By Michael E. Miller
By Ryan Yousefi
By Kyle Munzenrieder
By Sabrina Rodriguez
By Michael E. Miller
By Carlos Suarez De Jesus
By Luther Campbell
By Kyle Munzenrieder
It was 10:00 a.m. on a steamy, sunny morning just a few days after American soldiers began dying in Iraq. Zuhrah Abdu Akmed opened the door of her tiny Miramar house. She squinted as the aroma of curry and eggs wafted into the yard and mixed with exhaust from nearby State Road 7. A beautiful toddler, her grandson, pasted his face to the screen.
"Something is very fishy in all of this," she said to me, flashing a quizzical yet angry look, her slim form covered by long robes and her head wrapped in a pretty white scarf. "They just go after Muslims. Why? And we can barely leave our house, not even to get milk!"
Then she sent me away. Her husband, a respected Muslim cleric named Gulshair El'Shukri-Jumah, wasn't home. And she had seen enough reporters, television cameras, and also lawmen. She would soon even find herself dissatisfied with leaders of the mosque next door.
Four times since 2001, FBI agents searching for information on terrorists have visited Zuhrah and Gulshair's squat stucco house on SW 27th Street. The G-men recently raided the nearby home of their daughter, Hana, carting off a computer and correspondence in Arabic.
And with much foreboding, authorities have twice informed the press that they are searching for the couple's eldest son, Adnan, a plump-cheeked 27-year-old and Broward Community College graduate. "[Adnan] El shukrijumah is possibly involved with al-Qaeda terrorist activities and, if true, poses a serious threat to U.S. Citizens and interests worldwide," the bureau pronounced in a March 20 press release.
Crummy grammar and they misspelled the name, but nobody ever said the feds were linguists.
Guilt by association
The proclamation struck a chord in South Florida. The region, after all, was a stopover for fifteen of the nineteen September 11 terrorists. Anthrax was discovered here in the mail of Boca Raton's American Media, Inc. soon after the World Trade Center disaster. And three accused terrorists and acquaintances of Adnan El'Shukri-Jumah have also lived here: José Padilla, who allegedly planned to explode a radioactive dirty bomb; Imran Mandhai, who last year was convicted of attempting to explode power plants; and Adham Hassoun, a Sunrise computer programmer whom the federal government is holding because of alleged terrorist ties.
In case all that wasn't enough, the agents told reporters -- off the record, of course -- that Khalid Shaikh Mohammed, a top lieutenant to Osama bin Laden who was recently captured in Pakistan, had identified Adnan's picture.
The feds were soon comparing him to Mohamed Atta.
So TV trucks crowded the family's front yard for days. News of the FBI search ricocheted around the globe, like a lethal silvery pinball. New Zealand, Australia, France, Germany, Pakistan, Uzbekistan. "Feds beat the Bush for Saudi thug," crowed the New York Daily News.
I'm suspicious. Adnan El'Shukri-Jumah's friends and relatives in South Florida and Guyana, where he once lived, have told reporters he was neither fundamentalist nor radical. And federal sources have said that El'Shukri-Jumah demurred when an FBI mole tried to recruit him to commit acts of terror in 2001. (Adnan's friend Mandhai, who was ensnared by the mole, suggested his name.) Moreover, the timing of the FBI's announcement, on the very first full day of President George W. Bush's jihad against Saddam Hussein, smells like a way to panic the public into supporting an unpopular war.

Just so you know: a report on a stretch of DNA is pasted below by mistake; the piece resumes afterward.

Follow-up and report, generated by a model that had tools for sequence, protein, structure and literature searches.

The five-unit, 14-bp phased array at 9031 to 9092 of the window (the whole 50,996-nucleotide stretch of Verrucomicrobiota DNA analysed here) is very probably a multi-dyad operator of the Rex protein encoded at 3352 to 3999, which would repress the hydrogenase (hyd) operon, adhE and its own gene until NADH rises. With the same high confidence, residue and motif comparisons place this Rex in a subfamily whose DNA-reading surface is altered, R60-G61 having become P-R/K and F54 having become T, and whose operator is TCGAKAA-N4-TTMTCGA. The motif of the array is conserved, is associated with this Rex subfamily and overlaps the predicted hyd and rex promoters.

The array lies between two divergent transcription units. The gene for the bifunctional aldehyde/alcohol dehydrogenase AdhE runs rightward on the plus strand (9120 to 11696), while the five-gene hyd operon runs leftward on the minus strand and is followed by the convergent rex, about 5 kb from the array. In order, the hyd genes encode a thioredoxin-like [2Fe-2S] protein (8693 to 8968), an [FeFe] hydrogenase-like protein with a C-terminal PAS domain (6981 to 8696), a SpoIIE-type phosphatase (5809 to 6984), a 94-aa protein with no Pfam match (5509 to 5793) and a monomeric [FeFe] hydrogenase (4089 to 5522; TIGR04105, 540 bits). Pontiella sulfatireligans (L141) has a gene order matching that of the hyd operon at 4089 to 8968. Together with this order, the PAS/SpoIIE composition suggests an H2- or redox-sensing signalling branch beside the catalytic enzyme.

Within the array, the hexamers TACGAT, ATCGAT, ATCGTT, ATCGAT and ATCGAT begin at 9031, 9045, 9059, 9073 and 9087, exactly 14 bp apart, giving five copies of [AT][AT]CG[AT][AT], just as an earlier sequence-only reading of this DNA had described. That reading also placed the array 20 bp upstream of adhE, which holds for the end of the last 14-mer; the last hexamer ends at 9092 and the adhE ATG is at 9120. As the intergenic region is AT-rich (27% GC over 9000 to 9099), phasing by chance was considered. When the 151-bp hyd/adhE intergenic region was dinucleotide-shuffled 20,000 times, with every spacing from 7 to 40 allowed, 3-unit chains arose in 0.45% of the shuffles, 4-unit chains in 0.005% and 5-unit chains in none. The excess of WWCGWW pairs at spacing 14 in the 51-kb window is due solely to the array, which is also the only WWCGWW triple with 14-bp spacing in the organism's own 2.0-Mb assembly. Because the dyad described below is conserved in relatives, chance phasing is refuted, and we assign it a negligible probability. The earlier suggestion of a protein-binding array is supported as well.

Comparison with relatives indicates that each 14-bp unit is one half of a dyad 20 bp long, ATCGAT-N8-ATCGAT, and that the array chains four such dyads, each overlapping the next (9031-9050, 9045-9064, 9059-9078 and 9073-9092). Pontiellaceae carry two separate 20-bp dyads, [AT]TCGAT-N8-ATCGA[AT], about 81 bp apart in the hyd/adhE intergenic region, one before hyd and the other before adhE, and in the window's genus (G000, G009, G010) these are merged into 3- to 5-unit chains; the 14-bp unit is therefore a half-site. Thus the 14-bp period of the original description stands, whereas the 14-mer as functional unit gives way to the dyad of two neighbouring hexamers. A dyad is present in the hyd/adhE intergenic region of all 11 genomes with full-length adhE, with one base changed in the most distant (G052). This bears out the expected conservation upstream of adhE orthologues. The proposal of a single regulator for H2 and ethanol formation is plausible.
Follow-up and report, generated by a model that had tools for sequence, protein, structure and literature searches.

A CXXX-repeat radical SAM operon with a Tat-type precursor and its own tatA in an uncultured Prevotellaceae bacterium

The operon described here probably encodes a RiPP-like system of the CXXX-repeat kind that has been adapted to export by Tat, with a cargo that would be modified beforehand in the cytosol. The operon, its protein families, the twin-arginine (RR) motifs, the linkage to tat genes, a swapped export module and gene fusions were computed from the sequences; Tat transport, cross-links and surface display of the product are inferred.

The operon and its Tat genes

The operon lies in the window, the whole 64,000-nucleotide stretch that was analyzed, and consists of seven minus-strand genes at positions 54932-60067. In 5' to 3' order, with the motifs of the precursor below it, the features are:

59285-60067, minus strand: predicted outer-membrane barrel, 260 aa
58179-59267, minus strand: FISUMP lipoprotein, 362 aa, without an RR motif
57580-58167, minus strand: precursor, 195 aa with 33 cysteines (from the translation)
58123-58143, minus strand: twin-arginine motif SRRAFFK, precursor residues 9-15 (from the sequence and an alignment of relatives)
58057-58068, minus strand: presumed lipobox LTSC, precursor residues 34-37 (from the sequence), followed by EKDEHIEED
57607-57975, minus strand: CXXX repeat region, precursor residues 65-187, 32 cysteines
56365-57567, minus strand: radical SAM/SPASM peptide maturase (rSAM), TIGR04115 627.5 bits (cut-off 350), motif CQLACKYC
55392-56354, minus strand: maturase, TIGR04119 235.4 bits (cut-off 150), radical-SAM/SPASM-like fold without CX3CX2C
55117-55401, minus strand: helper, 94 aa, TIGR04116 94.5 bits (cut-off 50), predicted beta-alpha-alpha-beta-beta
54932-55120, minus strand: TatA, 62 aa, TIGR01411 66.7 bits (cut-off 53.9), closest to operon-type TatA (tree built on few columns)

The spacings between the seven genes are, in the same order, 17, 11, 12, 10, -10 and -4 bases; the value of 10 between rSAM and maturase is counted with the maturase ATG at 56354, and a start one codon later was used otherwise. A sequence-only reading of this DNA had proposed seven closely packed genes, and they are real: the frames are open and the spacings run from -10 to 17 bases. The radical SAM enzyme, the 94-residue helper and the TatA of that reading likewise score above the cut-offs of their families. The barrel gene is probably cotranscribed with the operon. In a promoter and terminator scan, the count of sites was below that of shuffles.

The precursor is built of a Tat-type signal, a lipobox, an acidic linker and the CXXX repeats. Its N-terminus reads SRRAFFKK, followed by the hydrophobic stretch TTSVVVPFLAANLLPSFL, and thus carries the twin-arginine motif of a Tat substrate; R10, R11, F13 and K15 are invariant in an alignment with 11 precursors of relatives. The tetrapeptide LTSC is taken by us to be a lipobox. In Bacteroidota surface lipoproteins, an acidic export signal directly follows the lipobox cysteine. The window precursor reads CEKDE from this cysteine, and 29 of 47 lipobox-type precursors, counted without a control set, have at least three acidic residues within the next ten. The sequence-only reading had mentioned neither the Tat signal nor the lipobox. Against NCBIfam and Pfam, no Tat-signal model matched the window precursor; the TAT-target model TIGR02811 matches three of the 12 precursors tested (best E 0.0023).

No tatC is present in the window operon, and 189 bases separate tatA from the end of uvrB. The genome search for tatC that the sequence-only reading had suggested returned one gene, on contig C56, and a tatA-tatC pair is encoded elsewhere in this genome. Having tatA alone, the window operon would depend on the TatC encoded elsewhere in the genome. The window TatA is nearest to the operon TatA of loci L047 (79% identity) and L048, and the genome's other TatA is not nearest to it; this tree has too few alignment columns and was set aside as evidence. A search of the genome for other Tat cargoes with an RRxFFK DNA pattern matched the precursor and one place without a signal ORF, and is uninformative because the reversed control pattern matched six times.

It wouldn't be the first time the Bush administration considered more than just facts when releasing information that would put the public on guard. "The timing surprised us," says Parvez Ahmed, chairman of the board for the Florida Council of American-Islamic Relations. "Announcements like this have always surprised us. Last time the alert level was raised [on February 7], it was timed to coincide with the Hajj [a religious period related to the Muslim pilgrimage to Mecca]. These are times of spiritual introspection. To think you could have terror alerts timed to something like this is terribly offensive to many Muslims."
Ahmed, of course, has no idea whether President Bush used the announcement of the search for Adnan as a scare tactic. And no one outside the government can be sure of this. That's the problem with the secrecy that dominates America at wartime.
But we can be convinced of one thing. Just the specter of terrorism hanging over the El'Shukri-Jumah family has caused injury. The most damaged individual so far is Gulshair, a bearded, handsome 73-year-old man with a Trinidadian accent, a long history of service to his community, and no alleged ties to fundamentalists.
The afternoon following my first visit to the family home, on March 24, he was fired from his job as part-time imam at the Al Hijrah mosque, which is located in a white stucco house next door and serves about 200 people. When I came by the next morning, Gulshair answered the door and invited me to sit on his small, concrete porch. He wore cotton pants that appeared to be pajamas, a soiled shirt, and he looked tired.
Then, in a low Caribbean lilt, he told me the story of his life. Gulshair's grandparents are from Yemen, but he was born in Guyana, where his father, Mohammad Jumah, ran a kind of general store, selling hats and textiles. In his teens, Gulshair -- one of eleven kids -- developed an interest in the Arabic language, and began working as a tailor. When he was 32 years old, he moved to Cairo, then to Medina, where he studied for ten years at an Islamic university.